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Jennifer Collins, LMT & Associates
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Massage and Cancer

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Massage and Cancer

If you are suffering from Cancer and are curious on the benefits of massage and questions related to alternative or complimentary therapies please take a few minutes to read the following information.

How can Massage Therapy relieve your discomfort?

Many cancer patients find that when traditional medicine does not help to ease their pain related to their cancer, massage therapy can help to temporarily relieve their pain.  As your body relaxes and releases built up tension, the renewed energy and physical stress reduction can last for hours and days after a massage therapy session.

How Massage helps your recovery

Massage therapy has been shown to increase blood flow circulation and increase healing in surround tissue that is affected by surgery or radiation.  Massage therapy can help to reduce swelling and aid in healing tissue in scarred areas.  The healing properties also aid in decreasing muscle tightness and increase muscle and skeletal flexibility.  As your body relaxes during massage therapy, the reduction of pain and stress allows the body to begin focusing the healing process on other areas of the body.

Research Evidence

“A growing number of health care professionals recognize massage as a useful addition to conventional medical treatment. Some studies of massage for cancer patients suggest that it can decrease stress, anxiety, depression, pain, and fatigue for many patients. These potential benefits hold great promise for people with cancer, who deal with the stresses of a serious illness and some unpleasant side effects of conventional medical treatment. While some evidence from research studies with cancer patients supports massage for short-term symptom relief, additional research is needed to find out if there are measurable, long-term physical or psychological benefits. While massage appears promising for symptom management and quality of life, available scientific evidence does not support claims that massage slows or reverses the growth or spread of cancer.

In a 2005 review of research, Deng and Cassileth reported that massage therapy has been shown to reduce pain and anxiety in randomized controlled trials. Large, well-controlled studies are still needed to determine the long-term health benefits of massage.

Meanwhile, most patients feel better after massage, which may result in substantial relief. In a 1999 publication, the National Cancer Institute found that about half of their cancer centers offered massage as an adjunctive therapy to cancer treatment.” – American Cancer Society (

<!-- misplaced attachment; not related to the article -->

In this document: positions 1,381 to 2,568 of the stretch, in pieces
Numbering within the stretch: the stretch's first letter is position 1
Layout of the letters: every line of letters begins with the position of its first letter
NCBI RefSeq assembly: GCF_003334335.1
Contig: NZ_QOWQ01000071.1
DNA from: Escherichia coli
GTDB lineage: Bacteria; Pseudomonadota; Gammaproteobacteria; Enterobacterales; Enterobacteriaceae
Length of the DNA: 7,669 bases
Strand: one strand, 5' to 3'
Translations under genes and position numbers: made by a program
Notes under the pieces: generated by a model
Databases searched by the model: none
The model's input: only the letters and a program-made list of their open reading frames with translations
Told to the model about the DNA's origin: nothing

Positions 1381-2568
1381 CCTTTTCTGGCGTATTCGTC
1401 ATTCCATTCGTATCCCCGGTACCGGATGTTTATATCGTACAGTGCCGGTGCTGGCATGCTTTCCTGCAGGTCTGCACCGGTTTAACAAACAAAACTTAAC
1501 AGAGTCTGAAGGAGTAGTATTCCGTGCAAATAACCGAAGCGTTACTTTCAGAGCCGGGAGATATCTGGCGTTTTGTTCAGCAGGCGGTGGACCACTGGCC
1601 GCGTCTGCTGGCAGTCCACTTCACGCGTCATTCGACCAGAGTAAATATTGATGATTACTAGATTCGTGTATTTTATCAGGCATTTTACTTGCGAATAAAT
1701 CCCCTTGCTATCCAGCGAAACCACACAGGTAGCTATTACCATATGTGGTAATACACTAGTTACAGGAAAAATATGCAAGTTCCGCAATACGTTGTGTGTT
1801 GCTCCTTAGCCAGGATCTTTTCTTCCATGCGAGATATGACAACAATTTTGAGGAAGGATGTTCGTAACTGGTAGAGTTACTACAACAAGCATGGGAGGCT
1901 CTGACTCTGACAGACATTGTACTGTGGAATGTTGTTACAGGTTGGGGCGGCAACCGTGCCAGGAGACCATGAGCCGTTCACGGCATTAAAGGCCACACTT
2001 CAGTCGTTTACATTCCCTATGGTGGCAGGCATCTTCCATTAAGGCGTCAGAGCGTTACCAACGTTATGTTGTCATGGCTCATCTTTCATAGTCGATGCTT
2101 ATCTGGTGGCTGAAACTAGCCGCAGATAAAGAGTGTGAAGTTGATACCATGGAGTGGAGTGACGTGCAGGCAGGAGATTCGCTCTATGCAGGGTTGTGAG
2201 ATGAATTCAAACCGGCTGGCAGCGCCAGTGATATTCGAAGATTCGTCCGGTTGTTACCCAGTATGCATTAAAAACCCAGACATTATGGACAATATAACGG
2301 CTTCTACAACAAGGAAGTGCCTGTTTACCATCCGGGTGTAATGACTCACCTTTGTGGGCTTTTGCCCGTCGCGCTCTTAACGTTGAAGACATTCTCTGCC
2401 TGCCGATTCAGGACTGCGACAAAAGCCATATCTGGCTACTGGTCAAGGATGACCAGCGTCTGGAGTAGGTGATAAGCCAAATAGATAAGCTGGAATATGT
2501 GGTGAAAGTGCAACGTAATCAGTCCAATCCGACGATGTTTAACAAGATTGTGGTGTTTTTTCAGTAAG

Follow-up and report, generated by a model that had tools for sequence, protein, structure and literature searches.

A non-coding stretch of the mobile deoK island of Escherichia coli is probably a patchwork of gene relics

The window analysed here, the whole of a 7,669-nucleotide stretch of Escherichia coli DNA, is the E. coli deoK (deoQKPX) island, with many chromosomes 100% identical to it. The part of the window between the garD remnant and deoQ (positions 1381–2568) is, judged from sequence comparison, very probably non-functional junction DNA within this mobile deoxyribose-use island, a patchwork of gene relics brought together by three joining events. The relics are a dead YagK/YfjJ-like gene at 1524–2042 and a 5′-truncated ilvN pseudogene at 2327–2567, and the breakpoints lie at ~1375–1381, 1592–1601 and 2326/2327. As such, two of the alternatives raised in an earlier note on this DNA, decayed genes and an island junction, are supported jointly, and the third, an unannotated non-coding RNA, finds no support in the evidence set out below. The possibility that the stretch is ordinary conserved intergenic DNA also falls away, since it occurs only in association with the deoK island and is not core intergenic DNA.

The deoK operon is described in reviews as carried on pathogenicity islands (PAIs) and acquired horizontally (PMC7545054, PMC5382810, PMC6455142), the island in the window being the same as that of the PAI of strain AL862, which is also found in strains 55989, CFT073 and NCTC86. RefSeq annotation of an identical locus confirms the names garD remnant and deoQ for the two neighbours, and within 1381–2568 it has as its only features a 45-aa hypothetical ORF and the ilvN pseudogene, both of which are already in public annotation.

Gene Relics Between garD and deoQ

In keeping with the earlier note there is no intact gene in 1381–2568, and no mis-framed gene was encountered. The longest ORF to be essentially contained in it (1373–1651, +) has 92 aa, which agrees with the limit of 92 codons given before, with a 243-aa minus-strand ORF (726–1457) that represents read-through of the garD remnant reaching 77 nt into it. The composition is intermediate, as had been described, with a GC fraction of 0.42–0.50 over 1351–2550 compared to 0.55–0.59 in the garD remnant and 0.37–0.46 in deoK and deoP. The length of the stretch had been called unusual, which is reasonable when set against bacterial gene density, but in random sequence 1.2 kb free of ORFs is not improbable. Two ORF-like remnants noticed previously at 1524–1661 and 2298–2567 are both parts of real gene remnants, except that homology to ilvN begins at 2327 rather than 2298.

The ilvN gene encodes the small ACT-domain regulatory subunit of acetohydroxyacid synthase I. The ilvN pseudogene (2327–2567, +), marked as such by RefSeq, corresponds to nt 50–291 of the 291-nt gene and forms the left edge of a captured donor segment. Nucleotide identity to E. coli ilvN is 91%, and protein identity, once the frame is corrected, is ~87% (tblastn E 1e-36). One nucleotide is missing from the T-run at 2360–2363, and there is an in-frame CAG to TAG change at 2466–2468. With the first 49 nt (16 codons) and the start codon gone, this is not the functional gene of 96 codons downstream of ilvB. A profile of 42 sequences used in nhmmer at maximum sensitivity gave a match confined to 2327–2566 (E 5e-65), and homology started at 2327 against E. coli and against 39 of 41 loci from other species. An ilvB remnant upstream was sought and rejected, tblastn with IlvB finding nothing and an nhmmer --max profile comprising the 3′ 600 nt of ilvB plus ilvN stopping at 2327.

Are there any possible problems or complications?

"People with rheumatoid arthritis, cancer that has spread to the bone, spine injuries, osteoporosis or other bone diseases that could be worsened by physical manipulation should avoid physical manipulation or deep pressure. Manipulation of a bone in an area of cancer metastasis could result in a bone fracture. Also, people who have had radiation may find even light touch on the treatment area to be uncomfortable. People with cancer and chronic conditions such as arthritis and heart disease should consult their physicians before undergoing any type of therapy that involves manipulation of joints and muscles. It is important to have massage given by trained massage therapists, and to be sure they know about your cancer and its treatment. Generally, gentle massage and bodywork can be adapted to meet the needs of cancer patients.

People receiving radiation treatment should not have lotion or oil used on the areas on which radiation was used. Even without radiation treatment, a few people have allergic reactions to oils used during massage.

Another concern for people with cancer is that tissue manipulation in the area of a tumor might increase the risk that cancer cells might travel to other parts of the body. It may be prudent for cancer patients to avoid massage near tumors and lumps that may be cancerous until this question is clearly answered.

It is important for people with cancer to let their medical care provider know they are receiving massage. Massage should be provided by a trained professional with expertise in working safely with people with cancer and with cancer survivors. Family members and other caregivers can be instructed in certain massage techniques as well."

– American Cancer Society (